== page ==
During the holiday season, gathering delicious, festive recipes for the annual round of holiday entertaining becomes a pleasurable pastime. On this page, you'll find some of my favorite traditional dishes for sharing with friends, from perfect sugar cookies to the most luscious eggnog. Also included are my tips for some main courses (including standing roast beef and lasagna) to grace your dinner table.
Indulge in one of the Yuletide's greatest pleasure, and make a batch of this heady, creamy, from-scratch eggnog. I can't imagine one of my Christmas parties without a big bowl of nog--and, according to the evidence, neither can my friends.
This has an even creamier texture than the old-fashioned kind made with heavy cream. The cooked egg yolks make this the nog of choice for cooks who prefer to avoid raw eggs.
Marinated, roasted beef tenderloin is one of the most versatile dishes in a cook's repertoire. Served hot, it can be the main course of a holiday sit-down dinner. Cooled, and thinly sliced, is is often the centerpiece of an open-house buffet.
My perfect roast beef has a tasty, crisply browned crust and a juicy interior. For rib roast of any size, follow this roasting time estimate.
Roast goose isn't a typical American holiday tradition, but it does evoke warm and toasty Dickens-like emotions, thanks to the Crachit's dinner in A Christmas Carol. I have roasted many a goose for various Christmas articles and books.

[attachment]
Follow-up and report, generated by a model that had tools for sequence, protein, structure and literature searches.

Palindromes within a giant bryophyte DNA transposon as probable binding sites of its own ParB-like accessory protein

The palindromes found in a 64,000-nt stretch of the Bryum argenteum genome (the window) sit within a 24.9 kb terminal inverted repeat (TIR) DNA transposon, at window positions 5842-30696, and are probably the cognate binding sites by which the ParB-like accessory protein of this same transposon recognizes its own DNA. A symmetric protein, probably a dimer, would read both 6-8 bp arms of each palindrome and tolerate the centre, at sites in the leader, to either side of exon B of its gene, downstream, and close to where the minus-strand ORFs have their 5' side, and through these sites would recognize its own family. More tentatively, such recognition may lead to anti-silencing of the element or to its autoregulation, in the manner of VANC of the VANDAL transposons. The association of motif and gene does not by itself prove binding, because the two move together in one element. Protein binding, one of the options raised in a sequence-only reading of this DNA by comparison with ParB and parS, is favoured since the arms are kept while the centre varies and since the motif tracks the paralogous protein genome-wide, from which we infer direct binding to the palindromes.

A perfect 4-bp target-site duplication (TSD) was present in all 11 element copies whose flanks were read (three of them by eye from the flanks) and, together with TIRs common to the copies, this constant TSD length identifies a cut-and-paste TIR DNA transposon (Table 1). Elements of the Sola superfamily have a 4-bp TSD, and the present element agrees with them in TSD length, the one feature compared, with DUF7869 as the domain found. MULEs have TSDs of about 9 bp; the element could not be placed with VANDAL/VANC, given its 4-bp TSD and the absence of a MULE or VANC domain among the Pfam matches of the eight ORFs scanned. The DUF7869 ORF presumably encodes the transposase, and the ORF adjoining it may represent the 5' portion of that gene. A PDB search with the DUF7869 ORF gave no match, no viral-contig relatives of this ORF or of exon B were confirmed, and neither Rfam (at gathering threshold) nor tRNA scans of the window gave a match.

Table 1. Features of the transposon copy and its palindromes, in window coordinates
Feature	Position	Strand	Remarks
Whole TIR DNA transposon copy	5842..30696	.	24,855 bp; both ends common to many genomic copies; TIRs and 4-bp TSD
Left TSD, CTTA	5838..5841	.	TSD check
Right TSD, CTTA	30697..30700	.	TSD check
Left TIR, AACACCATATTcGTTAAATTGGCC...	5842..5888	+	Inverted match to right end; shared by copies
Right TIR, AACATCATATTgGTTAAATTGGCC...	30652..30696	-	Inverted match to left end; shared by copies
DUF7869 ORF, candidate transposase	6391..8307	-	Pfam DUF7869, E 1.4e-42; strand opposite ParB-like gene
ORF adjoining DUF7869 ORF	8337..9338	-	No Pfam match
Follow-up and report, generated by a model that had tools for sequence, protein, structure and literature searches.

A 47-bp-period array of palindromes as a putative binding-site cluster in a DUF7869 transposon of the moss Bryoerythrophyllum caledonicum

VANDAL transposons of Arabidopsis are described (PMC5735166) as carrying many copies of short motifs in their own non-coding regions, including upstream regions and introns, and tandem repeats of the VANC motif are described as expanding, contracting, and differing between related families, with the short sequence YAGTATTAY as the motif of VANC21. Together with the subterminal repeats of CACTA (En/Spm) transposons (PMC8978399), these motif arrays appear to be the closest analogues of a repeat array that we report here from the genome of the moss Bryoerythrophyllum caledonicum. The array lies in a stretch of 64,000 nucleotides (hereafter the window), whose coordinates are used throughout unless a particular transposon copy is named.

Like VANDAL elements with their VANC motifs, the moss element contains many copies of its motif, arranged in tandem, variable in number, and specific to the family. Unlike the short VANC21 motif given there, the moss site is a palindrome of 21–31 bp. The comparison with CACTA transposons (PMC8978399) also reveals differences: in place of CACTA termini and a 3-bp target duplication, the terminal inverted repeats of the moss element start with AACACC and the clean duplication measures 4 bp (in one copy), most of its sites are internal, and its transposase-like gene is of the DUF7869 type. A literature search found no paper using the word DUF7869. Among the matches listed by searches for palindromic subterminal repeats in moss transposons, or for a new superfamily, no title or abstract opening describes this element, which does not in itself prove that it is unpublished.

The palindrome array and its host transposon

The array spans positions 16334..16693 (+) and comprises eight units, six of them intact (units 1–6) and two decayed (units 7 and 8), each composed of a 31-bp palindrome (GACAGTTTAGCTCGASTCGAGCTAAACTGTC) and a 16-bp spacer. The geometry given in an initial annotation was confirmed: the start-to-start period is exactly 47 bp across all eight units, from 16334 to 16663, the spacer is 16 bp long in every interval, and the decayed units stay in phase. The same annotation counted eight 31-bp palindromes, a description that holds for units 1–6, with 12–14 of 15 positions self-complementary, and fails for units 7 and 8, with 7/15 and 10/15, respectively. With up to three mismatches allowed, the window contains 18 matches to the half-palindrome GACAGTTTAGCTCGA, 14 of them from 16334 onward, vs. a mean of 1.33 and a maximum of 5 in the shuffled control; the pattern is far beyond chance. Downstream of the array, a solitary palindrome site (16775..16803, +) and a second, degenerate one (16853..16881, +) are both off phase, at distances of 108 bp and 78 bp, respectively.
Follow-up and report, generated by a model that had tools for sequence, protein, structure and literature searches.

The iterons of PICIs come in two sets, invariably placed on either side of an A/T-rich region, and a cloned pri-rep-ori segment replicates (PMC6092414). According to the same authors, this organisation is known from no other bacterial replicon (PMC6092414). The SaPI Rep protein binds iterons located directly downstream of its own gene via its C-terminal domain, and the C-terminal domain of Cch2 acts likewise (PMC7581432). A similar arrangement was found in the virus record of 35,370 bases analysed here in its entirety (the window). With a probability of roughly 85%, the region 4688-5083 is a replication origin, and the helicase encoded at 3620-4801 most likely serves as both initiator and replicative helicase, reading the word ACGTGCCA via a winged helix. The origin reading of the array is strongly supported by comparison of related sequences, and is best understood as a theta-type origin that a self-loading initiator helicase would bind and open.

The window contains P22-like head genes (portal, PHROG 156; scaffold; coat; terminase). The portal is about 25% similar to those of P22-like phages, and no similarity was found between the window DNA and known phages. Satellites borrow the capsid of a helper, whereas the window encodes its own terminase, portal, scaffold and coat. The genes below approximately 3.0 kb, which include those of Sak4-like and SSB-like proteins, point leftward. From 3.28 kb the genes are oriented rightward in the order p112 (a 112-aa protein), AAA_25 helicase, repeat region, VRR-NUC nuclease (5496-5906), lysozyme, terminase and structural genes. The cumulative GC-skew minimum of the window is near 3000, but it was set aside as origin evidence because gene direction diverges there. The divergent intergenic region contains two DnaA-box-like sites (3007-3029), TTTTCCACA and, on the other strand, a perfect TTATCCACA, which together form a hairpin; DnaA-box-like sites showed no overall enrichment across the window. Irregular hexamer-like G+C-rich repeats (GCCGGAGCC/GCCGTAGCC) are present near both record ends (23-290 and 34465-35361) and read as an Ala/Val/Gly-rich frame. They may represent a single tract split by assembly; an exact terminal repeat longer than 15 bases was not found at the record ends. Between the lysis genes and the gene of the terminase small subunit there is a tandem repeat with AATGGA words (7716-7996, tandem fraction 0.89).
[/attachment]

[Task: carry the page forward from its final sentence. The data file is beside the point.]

One of my favorite holiday meals is duck--especially for New Year's Eve. But it isn't a very friendly dish to make for a crowd. Here's my way of doing it--saute the breasts and roast the legs.
I've been making this one with both red and white sauces and a light chicken-spinach filling for years. In fact, it gave me one of my first moments of pride as a young chef when I served it at a catered dinner for one of my university professors. He told me, "This is the best lasagna I've had since I left Rome...and I am not kidding!"
You can keep your caviar. When New Year's Eve rolls around, give me crab cioppino. In San Francisco, where I grew up, winter is Dungeness crab season, so cooks are always looking for ways to serve it before it disappears until next year.
My Christmas cookies are done! I come from a long line of Christmas cookie bakers, and they took the job very seriously. My great aunts taught me to make an annual list of my cookies, and to take notes on the yields, adjustments to make next year, and other details.
Bûche de Noël is one of my first choices for the Christmas dinner dessert. It has a traditional feel, and looks seasonal, and everyone at the table loves it.